As reported by Time Magazine, after the events of Civil War II, a new character will don the Iron Man armor. Riri Williams, “a science genius who enrolls in MIT at the age of 15,” captures Tony Stark’s curiosity when she builds her own Iron Man armor in her dorm. It’s not quite a cave with a box of scraps, but having lived in some interesting dorms, I’d say her accomplishment is quite impressive nonetheless.
Brian Michael Bendis, creator of characters such as Miles Morales and Jessica Jones, is helming Riri’s foray into the Marvel universe. He said he was inspired to tell Riri’s story after working on a TV show in Chicago and observing all the violence. He heard “this story of this brilliant, young woman whose life was marred by tragedy that could have easily ended her life—just random street violence—and went off to college was very inspiring to me. I thought that was the most modern version of a superhero or superheroine story I had ever heard. And I sat with it for awhile until I had the right character and the right place.”
Bendis and Time took pains to mention that just because Tony is stepping away from the Iron Man identity does not mean readers now know the ending to Civil War II, which is being written by Bendis and drawn by artist David Marquez. According to Bendis, “We’re not telling you the end, at all.”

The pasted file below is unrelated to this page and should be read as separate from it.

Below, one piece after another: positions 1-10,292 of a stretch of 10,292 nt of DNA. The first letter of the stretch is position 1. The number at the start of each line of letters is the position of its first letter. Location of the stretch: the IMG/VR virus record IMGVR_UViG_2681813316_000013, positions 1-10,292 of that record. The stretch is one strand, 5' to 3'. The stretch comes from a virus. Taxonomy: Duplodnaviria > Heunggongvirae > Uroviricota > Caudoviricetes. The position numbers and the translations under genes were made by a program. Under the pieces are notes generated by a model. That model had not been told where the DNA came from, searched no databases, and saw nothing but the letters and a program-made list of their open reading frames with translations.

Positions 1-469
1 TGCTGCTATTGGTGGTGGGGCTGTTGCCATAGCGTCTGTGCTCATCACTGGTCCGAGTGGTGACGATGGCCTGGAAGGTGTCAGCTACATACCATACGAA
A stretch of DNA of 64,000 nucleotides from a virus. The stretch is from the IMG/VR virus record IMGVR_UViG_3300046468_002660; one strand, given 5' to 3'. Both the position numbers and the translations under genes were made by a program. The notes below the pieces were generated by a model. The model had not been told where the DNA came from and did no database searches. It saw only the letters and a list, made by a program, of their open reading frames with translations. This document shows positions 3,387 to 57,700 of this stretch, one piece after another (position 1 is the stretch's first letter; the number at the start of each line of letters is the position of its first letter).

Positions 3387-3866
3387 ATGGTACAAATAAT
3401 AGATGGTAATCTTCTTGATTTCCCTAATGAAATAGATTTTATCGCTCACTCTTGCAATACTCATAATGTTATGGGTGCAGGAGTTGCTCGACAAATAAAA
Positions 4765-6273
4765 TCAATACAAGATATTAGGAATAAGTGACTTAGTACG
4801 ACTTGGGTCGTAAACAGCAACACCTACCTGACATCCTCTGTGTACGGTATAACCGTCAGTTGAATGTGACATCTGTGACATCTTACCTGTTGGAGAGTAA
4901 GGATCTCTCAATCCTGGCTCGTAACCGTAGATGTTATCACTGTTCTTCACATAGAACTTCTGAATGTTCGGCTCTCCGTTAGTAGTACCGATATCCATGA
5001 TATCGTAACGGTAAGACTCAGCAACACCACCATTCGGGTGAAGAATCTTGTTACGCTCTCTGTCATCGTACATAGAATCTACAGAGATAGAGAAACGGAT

Perhaps Tony Stark dies? Perhaps all the traumas he is currently experiencing lead to a decision to go on a journey of a nomadic nature? Who can say?
When asked about why it took so long to bring characters of underrepresented cultural backgrounds such as Riri and Kamala Khan into the Avengers, Bendis had this to say:
Talking to any of the older creators, it’s the thing they said they wish they’d done more of—reflecting the world around them. It just wasn’t where the world was at at that time. Now, when you have a young woman come up to you at a signing and say how happy she is to be represented in his universe, you know you’re moving in the right direction.
Alex is the New Media Editor of the Comics Beat. He is also a freelance comics editor with previous credits at First Second, Top Cow, and Papercutz. He primarily covers DC Comics and Magic: the Gathering.